Trust in the time of technology
The tech community is aware of the pace of change. Concepts that were once just twinkles in inventors’ eyes have fast become parts of our everyday life. Smart speakers wake us up; robots remotely operated from thousands of miles away treat our wounds; automated assistants know more than an Oxford don.
In this brave new world, the tech community is searching to define who is responsible for ensuring tech is a positive force in our lives, something we can trust – our teammate, not our terminator.
The theme takes on deep importance when you consider the power of today’s technology. Some 2.5 quintillion bytes of data are created every day. Putting that into perspective, 2.5 quintillion pennies laid out flat would cover the Earth five times. What’s more, over the last two years alone 90% of the data in the world was generated, meanwhile, AI effectively replicates the quality of vision and speech of the average homo sapien.
Naturally, the opportunities are astounding. Consultancy McKinsey estimates AI could add £10tn to worldwide economic output by 2030; in the UK, by the same year, it could boost GDP by 10%.
Getting it right going forward, says Microsoft UK CEO Cindy Rose, rests on looking back. The Hippocratic Oath – based on the 400BC Greek philosopher’s writings – is traditionally taken by physicians who commit to upholding strict ethical standards. It could now be repurposed for AI practitioners. Do no harm: the proposed oath that technologists may soon swear by.
President Obama has added his voice to a growing chorus that is calling for the private sector to do more. Speaking at the 2018 Nordic Business Forum, he said inventions like Facebook grew without a need to care about the outside world. But the world has moved on and business now has to take responsibility for the broader implications of business.
The technology community has already begun to respond: Google’s AI project DeepMind has its own dedicated ethics board, and Stanford University in California announced earlier this year it would fund more teaching of the relationship between ethics and technology.
That should come as music to the ears of Tim Berners Lee who spoke recently about how abuses of the web’s power ‘devastated him.’
The news last month that hackers had stolen the personal data of nearly 400,000 BA customers will have only added fuel to the flames for technofatalists. That’s the issue: if we allow technology to become the comic book villain of our time, we risk missing out on its life-changing benefits.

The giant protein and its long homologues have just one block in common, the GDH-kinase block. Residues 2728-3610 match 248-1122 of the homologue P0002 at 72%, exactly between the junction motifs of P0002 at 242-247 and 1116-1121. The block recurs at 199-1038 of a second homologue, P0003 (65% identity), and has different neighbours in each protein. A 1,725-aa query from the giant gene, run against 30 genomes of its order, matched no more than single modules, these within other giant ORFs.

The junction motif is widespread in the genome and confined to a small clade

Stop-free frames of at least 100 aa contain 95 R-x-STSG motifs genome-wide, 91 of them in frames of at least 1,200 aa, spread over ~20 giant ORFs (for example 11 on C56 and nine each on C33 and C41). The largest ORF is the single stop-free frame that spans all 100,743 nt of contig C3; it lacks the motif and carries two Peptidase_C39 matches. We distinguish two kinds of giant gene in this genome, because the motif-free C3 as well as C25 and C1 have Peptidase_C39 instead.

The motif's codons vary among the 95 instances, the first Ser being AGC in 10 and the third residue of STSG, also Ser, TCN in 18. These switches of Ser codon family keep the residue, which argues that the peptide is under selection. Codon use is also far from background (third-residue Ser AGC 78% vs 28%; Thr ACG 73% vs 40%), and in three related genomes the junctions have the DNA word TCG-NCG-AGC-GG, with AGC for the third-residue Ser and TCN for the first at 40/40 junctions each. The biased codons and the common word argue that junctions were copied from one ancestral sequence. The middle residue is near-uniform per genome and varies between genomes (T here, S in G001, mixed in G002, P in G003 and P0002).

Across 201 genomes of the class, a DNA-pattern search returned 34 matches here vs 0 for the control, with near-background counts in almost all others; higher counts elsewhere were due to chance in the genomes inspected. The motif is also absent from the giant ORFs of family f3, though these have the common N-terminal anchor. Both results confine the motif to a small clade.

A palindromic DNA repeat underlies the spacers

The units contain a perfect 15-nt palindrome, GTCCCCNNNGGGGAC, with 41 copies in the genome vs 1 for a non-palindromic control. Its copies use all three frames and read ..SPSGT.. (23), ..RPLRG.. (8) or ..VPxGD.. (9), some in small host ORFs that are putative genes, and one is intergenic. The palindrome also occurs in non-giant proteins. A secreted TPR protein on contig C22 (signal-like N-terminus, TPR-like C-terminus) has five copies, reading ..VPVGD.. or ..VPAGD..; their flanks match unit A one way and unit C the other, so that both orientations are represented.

Around the world artificial intelligence is getting emergency aid to people in life or death situations. There are AR and VR technologies delivering quality educations to children who would otherwise go without. And, closer to home, financial technology is forcing long-established companies to check whether they truly are offering the best service possible to customers.
These stories need to be told. Why? On one hand, because of the amount of humanity now plugged in – 2018 was the cross-over point when more than half the world’s population were connected online.
On the other, reputations are hard to build, and bad ones are even harder to shake. It’s easy to focus on the missteps and the mistakes of data and technology, but we should learn from, rather than revel in, them. Bill Gates once warned, “It’s fine to celebrate success but it is more important to heed the lessons of failure.”
Turn technology companies into the bad guy and bright young talent might not want to work for them, investors might shy away from them and inventors, one day, might just keep the twinkles in their eyes to themselves.
Sheffield-born and raised software entrepreneur David Richards joined me at the technology conference. He asked why humans have accepted that we can’t outrun a car, yet we insist on our ability to outthink a computer.
Our stubbornness has made us masters of our universe. Yet that same hard-headedness – our inability to believe technology could be innately better at tasks we thought were human-only – could prevent us from pushing technology to its positive potential.
In a classic comic book case of mistaken identity, we’ve allowed technology and its associates – data, apps and its founders – to take on the role of villain. Carry on with this caper and we risk becoming unstuck in a web that immobilises progress and that’s the last thing Peter Parker would want.
Michael Hayman is the co-founder of Seven Hills